The MMO, because of the confines of its medium, had to likewise make changes. While books are meant to be enjoyed by one person, with a single linear story, an MMO is meant to entertain thousands. While the books were able to concentrate on a small number of primary characters, the MMO had to do something that made a cast of thousands feel like important characters. While Turbine was mocked heavily for not centering their story directly around the adventures of the Fellowship, they had no choice but to focus on the things happening in the background of the story. In short, they adapted the franchise to better reflect the needs of an MMO, and adapted and created a new story in the same, familiar universe. So, in that case, Turbine took the required elements of an MMO, and bent the IP to it that mould.

So, then when examining other adaptations, we're forced then to ask what elements of an MMO need to be addressed when adapting an outside IP? The first one that comes to mind is combat. Like it or not, combat is the number one activity in any given successful MMO. You grind their bones to make your XP. Great MMOs find other things for players to do as well, but in the end in the world of MMOs and I would argue video games in general, combat is king.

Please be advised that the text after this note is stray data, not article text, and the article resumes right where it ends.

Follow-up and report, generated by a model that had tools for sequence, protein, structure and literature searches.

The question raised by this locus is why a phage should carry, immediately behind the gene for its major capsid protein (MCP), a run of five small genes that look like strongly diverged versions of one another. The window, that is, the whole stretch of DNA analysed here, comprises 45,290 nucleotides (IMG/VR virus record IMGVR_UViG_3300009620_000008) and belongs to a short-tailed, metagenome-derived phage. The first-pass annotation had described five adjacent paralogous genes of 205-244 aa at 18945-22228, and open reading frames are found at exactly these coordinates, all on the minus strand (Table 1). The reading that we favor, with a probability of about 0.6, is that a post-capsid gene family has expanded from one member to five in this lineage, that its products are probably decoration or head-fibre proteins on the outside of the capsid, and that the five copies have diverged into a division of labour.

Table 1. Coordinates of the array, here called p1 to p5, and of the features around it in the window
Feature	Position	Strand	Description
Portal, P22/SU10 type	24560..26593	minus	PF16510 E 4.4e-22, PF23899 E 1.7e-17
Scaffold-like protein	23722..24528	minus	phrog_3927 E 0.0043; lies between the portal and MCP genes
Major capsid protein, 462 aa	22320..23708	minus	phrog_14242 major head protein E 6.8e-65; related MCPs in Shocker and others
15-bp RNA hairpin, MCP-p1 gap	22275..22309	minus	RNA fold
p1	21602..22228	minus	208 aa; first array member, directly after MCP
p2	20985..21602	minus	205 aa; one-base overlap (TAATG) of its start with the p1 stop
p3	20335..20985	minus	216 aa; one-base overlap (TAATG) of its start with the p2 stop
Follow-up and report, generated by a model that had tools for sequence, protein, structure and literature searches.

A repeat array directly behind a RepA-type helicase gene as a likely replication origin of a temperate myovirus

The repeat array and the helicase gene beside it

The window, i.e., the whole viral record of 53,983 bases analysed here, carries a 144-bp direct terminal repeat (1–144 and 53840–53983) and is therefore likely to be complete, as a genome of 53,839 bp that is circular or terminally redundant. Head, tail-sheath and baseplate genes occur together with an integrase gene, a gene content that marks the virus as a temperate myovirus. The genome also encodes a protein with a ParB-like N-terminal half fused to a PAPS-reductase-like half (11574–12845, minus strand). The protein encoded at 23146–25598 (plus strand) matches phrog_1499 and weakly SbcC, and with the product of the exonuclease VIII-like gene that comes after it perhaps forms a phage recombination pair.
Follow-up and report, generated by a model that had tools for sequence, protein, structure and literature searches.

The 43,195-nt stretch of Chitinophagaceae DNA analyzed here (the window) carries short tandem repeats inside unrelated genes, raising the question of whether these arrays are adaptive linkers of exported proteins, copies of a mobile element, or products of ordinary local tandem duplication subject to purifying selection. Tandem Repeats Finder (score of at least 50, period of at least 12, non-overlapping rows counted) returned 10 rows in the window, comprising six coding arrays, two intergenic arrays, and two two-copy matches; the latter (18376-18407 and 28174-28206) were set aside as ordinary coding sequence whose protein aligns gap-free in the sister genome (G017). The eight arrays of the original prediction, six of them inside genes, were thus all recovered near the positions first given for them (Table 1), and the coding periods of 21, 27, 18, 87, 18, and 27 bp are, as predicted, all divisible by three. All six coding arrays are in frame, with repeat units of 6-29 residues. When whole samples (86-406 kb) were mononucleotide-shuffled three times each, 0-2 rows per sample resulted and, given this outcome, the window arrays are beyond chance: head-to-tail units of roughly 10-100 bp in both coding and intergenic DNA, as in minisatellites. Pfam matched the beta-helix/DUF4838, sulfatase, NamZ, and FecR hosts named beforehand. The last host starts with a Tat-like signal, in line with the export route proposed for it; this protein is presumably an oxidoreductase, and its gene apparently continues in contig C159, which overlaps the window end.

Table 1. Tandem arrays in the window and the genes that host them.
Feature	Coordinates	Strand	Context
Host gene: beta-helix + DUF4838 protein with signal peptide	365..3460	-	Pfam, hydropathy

That is the problem that was faced by Perpetual Entertainment and later Cryptic Studios when looking at adapting Star Trek for the MMO space. Star Trek, at least on the surface, has a reputation for being about diplomacy and the peaceful ideals of the Federation.

So, the developers were left to ask themselves how they could create an MMO with a combat focus (which again, is a necessary main ingredient) in the Star Trek universe. While I wasn't in the room, and this is only conjecture, I'd say that someone probably had a good hard look at the Star Trek IP, and found that there was a precedent for a heavy focus on combat when the Federation was at war, whether it was with the Klingons or the Dominion, there exist examples in Trek lore history of times when diplomacy and exploration went out the window in favor of grinding their bones to make XP.

Captain Picard lamented this hard truth in dialogue in Star Trek Insurrection (during the Dominion war) when he said, "Can anyone remember when we used to be explorers?"

So, in adapting Star Trek for use in a commercial MMO, the developers chose to set the game during a time of war (in the future so they weren't too overly restricted by "current events").

Sure, there are right ways and there are wrong ways to adapt an MMO and some companies do it better than others. Still, in the end, there are difficult decisions that need to be made along the way and developers really just have to hope that the decisions they make don't alienate too many of the fans that they hope to attract to their games.